Sure, we’re always telling you about how to store, scan, shred and otherwise handle the paper in your office, but one of the best ways to manage your paper documents is to simply have fewer of them to manage. In other words, reduce your use of paper.
That doesn’t mean that you shouldn’t print something that will save you time or effort. But by simply being more conscious of how and when you use paper, you’ll quickly see how and when you can save it.
Here are a few suggestions to get you started:
Think Before You Print
We can get into printing ‘routines’ that aren’t always necessary. Instead of automatically printing that report because it’s the way it’s always been done, think about if you can save and distribute it electronically instead.
1. Use the ‘Double-Sided’ Function of Your Printer
Most office printers will print on both sides of the sheet. If what you’re printout doesn’t need to be single-sided, you can save half the paper you use by printing on both sides.
2. Preview Documents Before You Print
Sometimes, due to spacing, your word processing software will add a blank page to the end of a document, or the last pages of a document are not really needed. Do a quick ‘print preview’ before printing to make sure you print only what needs to be printed.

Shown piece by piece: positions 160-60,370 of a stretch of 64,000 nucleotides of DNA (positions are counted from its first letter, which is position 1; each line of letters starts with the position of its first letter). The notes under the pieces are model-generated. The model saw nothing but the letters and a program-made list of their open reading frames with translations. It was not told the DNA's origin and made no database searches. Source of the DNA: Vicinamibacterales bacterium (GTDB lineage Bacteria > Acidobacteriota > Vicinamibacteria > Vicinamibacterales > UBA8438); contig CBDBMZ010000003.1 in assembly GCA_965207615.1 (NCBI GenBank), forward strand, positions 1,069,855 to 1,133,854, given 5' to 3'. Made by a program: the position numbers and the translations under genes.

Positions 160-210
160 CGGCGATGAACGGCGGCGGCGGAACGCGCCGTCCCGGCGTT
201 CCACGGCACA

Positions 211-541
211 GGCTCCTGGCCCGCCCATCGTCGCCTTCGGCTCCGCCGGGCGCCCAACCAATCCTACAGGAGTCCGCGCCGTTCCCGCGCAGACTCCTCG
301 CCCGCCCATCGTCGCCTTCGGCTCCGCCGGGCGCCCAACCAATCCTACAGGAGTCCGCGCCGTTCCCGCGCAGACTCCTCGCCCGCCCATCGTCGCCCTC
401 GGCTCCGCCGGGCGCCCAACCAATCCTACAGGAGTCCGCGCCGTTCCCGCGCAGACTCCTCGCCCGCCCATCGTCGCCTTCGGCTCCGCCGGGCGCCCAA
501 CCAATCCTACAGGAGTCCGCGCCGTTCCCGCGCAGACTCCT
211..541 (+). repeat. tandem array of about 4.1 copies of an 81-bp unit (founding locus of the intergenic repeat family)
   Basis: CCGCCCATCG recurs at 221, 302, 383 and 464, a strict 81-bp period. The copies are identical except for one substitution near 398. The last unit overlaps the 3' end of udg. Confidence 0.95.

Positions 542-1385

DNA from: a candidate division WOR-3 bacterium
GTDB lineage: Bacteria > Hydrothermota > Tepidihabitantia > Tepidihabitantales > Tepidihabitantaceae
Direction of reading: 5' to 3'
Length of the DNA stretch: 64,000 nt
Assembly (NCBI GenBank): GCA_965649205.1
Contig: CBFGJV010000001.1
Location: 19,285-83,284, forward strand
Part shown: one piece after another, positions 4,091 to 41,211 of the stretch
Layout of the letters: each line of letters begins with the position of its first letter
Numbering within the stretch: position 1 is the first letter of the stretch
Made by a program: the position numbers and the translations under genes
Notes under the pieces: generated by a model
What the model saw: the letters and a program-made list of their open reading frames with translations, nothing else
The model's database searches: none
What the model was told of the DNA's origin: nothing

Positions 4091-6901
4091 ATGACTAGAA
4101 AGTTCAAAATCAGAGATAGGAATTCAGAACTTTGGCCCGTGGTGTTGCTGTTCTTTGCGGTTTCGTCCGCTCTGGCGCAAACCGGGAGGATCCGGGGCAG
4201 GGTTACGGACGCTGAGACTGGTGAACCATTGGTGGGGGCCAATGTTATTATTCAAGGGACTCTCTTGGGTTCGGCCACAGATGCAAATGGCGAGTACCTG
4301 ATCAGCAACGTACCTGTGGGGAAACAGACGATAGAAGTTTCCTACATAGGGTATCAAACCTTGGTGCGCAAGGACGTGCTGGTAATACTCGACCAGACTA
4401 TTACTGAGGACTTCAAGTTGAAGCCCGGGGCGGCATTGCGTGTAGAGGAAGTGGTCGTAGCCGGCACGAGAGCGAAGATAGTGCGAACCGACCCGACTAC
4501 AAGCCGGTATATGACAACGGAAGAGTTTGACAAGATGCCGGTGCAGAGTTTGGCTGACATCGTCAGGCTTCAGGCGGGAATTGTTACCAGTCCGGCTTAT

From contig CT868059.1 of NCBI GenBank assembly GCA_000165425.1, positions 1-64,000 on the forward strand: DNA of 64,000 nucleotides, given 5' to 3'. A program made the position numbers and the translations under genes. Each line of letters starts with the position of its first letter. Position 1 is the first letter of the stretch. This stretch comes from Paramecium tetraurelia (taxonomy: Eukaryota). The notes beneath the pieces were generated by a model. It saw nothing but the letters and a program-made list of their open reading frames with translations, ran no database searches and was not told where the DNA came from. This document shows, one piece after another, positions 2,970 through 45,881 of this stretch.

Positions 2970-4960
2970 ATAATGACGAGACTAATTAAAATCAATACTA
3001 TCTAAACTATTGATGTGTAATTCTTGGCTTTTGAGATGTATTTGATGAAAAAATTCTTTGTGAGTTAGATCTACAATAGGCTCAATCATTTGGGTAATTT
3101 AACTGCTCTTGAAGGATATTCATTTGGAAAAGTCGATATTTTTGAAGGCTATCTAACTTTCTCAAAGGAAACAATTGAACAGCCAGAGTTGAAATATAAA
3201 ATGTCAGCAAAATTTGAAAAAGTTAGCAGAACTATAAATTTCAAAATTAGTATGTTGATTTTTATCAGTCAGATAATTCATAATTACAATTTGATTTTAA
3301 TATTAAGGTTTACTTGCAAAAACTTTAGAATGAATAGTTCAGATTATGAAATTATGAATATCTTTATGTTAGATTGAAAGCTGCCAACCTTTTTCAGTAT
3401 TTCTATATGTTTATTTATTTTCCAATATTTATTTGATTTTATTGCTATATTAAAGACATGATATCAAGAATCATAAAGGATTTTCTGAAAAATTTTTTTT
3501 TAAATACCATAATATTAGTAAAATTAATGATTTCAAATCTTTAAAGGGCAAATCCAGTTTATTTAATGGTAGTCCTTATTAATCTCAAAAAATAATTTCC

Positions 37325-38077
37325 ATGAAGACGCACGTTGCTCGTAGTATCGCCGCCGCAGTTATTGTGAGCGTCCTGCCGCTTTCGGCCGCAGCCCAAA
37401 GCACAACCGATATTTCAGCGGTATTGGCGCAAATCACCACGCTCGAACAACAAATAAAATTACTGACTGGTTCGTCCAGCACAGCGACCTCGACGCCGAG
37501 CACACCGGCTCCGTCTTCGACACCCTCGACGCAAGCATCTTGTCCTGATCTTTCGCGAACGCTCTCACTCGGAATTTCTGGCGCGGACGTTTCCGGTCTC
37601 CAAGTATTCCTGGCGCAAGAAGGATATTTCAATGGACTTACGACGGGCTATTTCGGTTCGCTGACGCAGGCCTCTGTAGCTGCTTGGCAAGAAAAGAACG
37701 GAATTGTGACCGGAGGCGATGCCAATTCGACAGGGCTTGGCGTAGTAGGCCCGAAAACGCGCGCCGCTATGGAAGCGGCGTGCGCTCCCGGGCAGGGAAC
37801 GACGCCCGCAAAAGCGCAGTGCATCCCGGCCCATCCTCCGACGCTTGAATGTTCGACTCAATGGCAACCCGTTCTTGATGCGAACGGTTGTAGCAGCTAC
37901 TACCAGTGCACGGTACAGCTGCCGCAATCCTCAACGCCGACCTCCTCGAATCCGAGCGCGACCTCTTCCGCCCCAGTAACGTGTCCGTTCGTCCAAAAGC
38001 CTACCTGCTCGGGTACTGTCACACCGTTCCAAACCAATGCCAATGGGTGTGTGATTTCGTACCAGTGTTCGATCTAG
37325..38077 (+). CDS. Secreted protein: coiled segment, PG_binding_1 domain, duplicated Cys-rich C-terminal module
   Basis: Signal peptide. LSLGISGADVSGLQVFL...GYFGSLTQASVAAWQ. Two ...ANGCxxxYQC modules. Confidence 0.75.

3. Proofread On-Screen
How many times have you printed something only to quickly spot an error or a better way to present the information? Proofread the doc on-screen to save you from having to reprint it due to a simple change.
4. Keep Print Outs That can be Re-Used
Set up a tray near your printers to keep printed sheets that can be reused as note paper or for when you just want to do quick printouts that aren’t crucial.
5. Keep Your Mail Distribution Lists Up-to-Date
If you send regular mailings, regularly check your distribution lists for inactive or lapsed recipients so you aren’t sending printed materials unnecessarily.
Reduce, Reuse & Recycle: Remember, the first and best way to save paper, both to lower costs and be ‘greener’, is to reduce how much you use in the first place. And, for all the paper you do use, don’t forget the other two stages of conservation: reuse and recycle.